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9 hopeful books about schizophrenia


The Gene: An Intimate History by Siddhartha Mukherjee

This is a deeply considered and gorgeously rendered work, part memoir and part clear-eyed assessment of the past, present and future of genetic study. Mukherjee, both a physician and gifted writer, begins by describing the several members of his family whose lives have been devastated by schizophrenia. In order to better understand schizophrenia, he explains all of genetics generally, unraveling the fascinating story of how researchers have come to know what they do about genes. Arriving in the present day about halfway through the book, he then shifts into exploring the ramifications of genetic knowledge today. He discusses such matters as race and gender and identity and intergenerational trauma and psychiatric diagnoses like schizophrenia. I think the world would be a better place if everybody read The Gene.

I Never Promised You a Rose Garden by Joanne Greenberg

This 1964 novel fictionalizes the author’s self-described descent into and recovery from schizophrenia right before the dawn of psychopharmaceuticals in the late forties and early fifties. The book rivetingly animates the protagonist’s elaborate inner world, and the devoted efforts of her psychiatrist — who is based on a real-life doctor, Dr. Frieda Fromm-Reichmann. Rose Garden was initially published under a penname at the behest of Greenberg’s mother. It resonated with a surprising number of readers, becoming an unexpected bestseller and inspiring many adaptations. Today Rose Gardenremains something all too rare: a widely read story about schizophrenia written by someone who had herself been diagnosed. It’s a very powerful and formally daring work, one that remains as necessary as ever.

Agnes’s Jacket by Dr. Gail Hornstein

In this memoir, an academic psychologist traces her own journey toward a more scientific and historically grounded understanding of madness. I recommend this book particularly for mental health care professionals seeking to better understand schizophrenia and other severe mental illnesses, and to those partaking in the debates about how to best treat people diagnosed. For those interested in psychiatry, I also recommend Dr. Hornstein’s thorough biography of Dr. Frieda Fromm-Reichmann (of Rose Garden fame), To Redeem One Person is to Redeem the World.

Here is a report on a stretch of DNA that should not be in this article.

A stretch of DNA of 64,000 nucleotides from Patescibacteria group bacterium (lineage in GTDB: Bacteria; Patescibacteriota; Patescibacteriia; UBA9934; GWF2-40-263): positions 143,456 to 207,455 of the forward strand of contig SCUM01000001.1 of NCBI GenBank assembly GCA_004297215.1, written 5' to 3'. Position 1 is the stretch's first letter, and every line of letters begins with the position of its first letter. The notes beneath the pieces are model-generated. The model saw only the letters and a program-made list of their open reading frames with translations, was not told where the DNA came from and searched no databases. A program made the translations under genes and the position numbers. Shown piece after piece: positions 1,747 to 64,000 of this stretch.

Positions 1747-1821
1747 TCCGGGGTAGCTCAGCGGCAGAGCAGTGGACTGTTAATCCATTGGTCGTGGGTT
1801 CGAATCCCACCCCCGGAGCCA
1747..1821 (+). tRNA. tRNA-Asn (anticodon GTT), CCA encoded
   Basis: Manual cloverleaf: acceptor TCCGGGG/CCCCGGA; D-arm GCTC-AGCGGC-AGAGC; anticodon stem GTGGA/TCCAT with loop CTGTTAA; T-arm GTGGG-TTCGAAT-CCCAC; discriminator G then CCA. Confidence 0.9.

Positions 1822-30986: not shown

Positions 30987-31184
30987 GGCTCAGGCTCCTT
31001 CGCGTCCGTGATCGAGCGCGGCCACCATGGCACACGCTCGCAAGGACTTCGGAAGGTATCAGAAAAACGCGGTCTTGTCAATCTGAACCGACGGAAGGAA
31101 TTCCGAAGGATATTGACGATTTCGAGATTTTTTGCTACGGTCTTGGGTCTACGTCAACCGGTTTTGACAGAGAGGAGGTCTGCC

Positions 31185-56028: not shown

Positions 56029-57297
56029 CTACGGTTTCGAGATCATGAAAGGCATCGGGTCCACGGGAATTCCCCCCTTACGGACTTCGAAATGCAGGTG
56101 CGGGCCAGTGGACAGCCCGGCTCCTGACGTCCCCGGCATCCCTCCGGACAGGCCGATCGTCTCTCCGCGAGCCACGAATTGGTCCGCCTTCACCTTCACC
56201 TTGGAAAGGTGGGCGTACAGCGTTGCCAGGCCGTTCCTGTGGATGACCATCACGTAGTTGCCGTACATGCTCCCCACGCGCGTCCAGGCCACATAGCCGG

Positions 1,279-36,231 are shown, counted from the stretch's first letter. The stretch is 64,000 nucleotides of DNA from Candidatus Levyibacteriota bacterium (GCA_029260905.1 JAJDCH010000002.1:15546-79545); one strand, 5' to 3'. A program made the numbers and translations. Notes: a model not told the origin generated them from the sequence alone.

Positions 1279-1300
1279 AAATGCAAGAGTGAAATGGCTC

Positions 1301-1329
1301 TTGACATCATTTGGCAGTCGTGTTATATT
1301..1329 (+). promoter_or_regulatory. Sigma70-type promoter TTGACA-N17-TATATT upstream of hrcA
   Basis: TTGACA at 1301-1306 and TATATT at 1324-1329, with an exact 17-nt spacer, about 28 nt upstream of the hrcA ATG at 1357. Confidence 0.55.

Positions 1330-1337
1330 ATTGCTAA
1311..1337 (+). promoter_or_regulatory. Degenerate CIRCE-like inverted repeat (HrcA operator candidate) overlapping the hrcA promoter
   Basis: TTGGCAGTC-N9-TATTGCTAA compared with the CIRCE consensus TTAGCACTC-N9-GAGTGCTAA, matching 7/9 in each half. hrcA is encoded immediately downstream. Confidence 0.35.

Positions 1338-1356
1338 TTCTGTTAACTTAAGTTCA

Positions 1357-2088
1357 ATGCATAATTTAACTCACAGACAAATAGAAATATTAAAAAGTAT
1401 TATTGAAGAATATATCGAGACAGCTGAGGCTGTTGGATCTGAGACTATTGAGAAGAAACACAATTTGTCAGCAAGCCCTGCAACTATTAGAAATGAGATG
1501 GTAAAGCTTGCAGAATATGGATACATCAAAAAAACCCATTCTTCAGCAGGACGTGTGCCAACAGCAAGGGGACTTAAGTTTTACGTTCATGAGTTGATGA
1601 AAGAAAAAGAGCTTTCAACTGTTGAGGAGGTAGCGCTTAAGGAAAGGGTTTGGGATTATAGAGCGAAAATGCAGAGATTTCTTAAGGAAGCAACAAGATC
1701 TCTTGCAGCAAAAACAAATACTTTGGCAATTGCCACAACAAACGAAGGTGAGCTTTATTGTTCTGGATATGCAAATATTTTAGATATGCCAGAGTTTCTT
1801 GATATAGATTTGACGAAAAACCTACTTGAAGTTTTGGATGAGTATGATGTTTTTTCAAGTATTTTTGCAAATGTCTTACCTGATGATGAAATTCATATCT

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The Lounge Chair Interview: 10 Questions with Ghayath Almadhoun

By Aminah Sheikh

ghayath 1 (1)

Let’s get down to brass tacks. Why do you write?

To survive.

Tell us about your most recent book or writing project. What were you trying to say or achieve with it?

I just finished my new Arabic poetry collection Adrenaline. As I say, I try to survive, like Shahrazad in One Thousand and One Nights, who keeps telling the king stories to not get killed.

Describe your writing aesthetic.

I don’t know really, but I can feel it have a strong effect on people.

Who are your favorite authors?

From the thinkers: Edward Said.

From the short story writer: the Iraqi Hassan Blasim.

In poetry: Amjad Nasser, Ghassan Zaqtan, Saadi Yousef and Salah Faik.

What’s the most challenging piece of writing you’ve attempted? Tell us why.

My poem “Schizophrenia”, which I wrote after Assad’s chemical attack on Syrian civilians. I got the chance to stay for two weeks in the city of Ypres, invited by “deBuren” and “citybooks”. The visit coincided with the centenary of the first chemical attack in history, which occurred in Flanders Fields during the First World War. I remember that I visited most of the 170 cemeteries that surround the city of Ypres and hold the bodies of 600,000 soldiers that were killed there. I was listening to The Last Post ceremony at the Menin Gate which is held every evening at Menin Gate for the past 89 years, and after that I wrote Schizophrenia, moving between Ypres (the past), Damascus (the present), Stockholm (the peace that I enjoy) and Palestine (the dream).

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